Woody Allen famously said that 80 percent of life is just showing up. He was talking about the big plans that people make but never actually get around to initiating, like writing a book, starting a business, learning a language, or whatever other endeavor they had written in their middle-school diaries or personality type quizzes. For those people who want to hold elected office, 80% of the work is actually putting together a campaign. You know, showing up.
So when you actually do “show up” and things don’t go the way you hoped, the sting is especially deep. Such is the sting of unmet expectations, and it is the cause of so much of our daily frustration and misery. Those involved in work that has a public element to it, like writing, preaching, and teaching, face the blight of unmet expectations whenever we invest our time and energy into a sermon, a lecture, article, or book, and the response is less than resounding. Think of the common story about how many publishers turned down a young writer before her first great work is finally accepted for print (I recently heard Camille Paglia’s account of this modern day type-story). Or think about the times when a preacher pours his heart out to the congregation only the be greeted afterwards with a polite “Thank you” and glad-handed “Great sermon!” Little do congregations know that these well-meaning responses reveal a not-so-subtle absence of effect. You showed up, but nobody cares.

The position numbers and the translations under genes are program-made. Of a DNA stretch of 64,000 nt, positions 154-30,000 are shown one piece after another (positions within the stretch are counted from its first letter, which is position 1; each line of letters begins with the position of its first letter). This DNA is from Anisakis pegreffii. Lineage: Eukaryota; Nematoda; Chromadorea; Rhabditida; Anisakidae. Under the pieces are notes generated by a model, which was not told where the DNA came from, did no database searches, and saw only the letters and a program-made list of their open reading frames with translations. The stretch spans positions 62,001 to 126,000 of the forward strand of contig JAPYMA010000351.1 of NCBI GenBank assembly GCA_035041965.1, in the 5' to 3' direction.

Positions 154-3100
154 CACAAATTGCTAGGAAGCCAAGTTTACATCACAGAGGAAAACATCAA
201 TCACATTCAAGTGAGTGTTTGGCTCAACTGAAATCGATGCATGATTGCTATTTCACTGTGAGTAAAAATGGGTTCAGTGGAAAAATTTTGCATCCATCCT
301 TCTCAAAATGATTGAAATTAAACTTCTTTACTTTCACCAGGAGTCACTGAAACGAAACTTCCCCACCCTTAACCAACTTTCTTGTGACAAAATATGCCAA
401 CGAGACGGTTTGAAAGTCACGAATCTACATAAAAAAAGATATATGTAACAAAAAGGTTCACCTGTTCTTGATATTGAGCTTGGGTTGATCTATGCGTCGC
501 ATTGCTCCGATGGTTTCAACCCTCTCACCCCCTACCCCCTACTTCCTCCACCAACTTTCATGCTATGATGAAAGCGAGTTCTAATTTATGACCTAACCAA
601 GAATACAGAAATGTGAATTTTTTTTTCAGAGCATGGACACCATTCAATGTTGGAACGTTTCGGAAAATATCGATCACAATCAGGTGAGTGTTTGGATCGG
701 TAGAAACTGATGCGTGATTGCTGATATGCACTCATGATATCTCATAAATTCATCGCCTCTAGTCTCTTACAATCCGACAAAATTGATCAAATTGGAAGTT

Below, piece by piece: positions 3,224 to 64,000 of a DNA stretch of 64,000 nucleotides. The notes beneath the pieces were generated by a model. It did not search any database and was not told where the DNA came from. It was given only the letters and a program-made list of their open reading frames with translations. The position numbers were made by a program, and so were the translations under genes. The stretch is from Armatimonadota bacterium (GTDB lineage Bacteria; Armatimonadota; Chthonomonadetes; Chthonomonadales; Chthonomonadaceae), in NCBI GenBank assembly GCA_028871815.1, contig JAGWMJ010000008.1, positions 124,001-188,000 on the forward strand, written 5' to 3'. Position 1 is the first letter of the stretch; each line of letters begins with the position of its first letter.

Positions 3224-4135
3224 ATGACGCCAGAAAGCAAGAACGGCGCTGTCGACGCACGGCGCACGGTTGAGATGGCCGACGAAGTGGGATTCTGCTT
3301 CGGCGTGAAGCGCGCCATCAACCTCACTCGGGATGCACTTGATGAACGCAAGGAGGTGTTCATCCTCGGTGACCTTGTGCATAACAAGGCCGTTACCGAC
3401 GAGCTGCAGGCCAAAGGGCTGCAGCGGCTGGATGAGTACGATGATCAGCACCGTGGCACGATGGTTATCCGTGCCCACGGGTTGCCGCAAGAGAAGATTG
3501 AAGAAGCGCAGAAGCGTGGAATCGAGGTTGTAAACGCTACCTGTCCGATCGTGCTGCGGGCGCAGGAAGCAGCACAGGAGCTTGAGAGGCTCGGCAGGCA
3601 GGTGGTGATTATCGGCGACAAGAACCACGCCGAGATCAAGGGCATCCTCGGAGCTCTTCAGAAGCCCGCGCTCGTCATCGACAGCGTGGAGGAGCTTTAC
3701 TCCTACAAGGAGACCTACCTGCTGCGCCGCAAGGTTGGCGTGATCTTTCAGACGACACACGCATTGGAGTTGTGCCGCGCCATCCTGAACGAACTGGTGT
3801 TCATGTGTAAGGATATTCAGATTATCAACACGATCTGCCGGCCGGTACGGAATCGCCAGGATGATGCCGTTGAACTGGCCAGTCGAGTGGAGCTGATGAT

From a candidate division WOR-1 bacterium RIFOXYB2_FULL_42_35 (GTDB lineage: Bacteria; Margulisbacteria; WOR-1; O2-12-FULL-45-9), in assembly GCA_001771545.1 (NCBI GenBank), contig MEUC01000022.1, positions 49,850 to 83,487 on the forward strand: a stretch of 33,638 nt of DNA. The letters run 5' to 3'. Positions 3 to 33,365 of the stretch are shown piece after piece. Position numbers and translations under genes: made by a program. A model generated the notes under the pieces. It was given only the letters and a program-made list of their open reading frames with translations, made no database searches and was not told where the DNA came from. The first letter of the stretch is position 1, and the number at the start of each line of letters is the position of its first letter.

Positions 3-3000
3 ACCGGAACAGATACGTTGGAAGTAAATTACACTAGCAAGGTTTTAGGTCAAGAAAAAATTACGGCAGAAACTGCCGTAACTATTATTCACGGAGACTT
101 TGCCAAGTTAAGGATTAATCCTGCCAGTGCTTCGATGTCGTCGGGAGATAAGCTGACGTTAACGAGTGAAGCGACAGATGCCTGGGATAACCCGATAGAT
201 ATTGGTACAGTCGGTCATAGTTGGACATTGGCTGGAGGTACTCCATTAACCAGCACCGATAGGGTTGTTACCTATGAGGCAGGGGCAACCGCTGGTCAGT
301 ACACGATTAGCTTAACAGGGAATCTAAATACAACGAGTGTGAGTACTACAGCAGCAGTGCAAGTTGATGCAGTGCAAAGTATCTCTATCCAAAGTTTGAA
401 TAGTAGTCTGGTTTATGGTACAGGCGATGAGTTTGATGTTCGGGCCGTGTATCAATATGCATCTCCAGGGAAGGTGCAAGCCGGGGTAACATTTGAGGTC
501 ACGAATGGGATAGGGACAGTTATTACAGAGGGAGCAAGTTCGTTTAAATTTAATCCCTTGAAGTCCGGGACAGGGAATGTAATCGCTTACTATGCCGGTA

The Gospel of Mark and the Triumphal Entry
In a text read around the world on Palm Sunday, the Gospel of Mark presents the unmet expectations of Christ’s triumphal entry (Mark 11:1-11). The passage provides a prologue to all of the eschatological frustrations of the Passion Week . In fact, the arrival of the long-awaited Davidic King just doesn’t go the way we might have expected it would, and this gospel twist of fate tells us more about Christ’s earthly ministry than we may realize.
First, in Mark’s account the Messianic prophecies of Zechariah (Zech 9:9) are stripped from the rationale for Christ’s triumphal entry into Jerusalem (unlike Matt 21:4-5). Furthermore, the psalm on the lips of the gathered crowd is a pilgrim’s song most likely used by those entering into the city during one of the three great pilgrimage feasts of the Old Testament liturgical calendar (Ps 118:25-26). The mention of the “kingdom of our father David” might therefore be best understood as a general call for salvation and an instance of the people proclaiming more than they meant. Taken this way, Jesus is being received more as a celebrity pilgrim than a messianic king, powerfully downplaying the paramount quality of the event.
Second, the key moment of anticlimax occurs when Jesus, having triumphantly entered into the city, arrives at the temple. Jesus surveys the temple facility, ostensibly preparing for some sort of proclamation. Upon doing so, however, he calls off whatever he was planning due to the late hour and leaves the city once again. The point is subtle and implied, but for Mark the triumphal entry ends in a whimper not a bang. The only righteous, only worthy pilgrim arrives at the house of the Lord, but he arrives too late for anything momentous to happen. As the temple is not his home, he lodges elsewhere. The temple cleansing must wait for another day.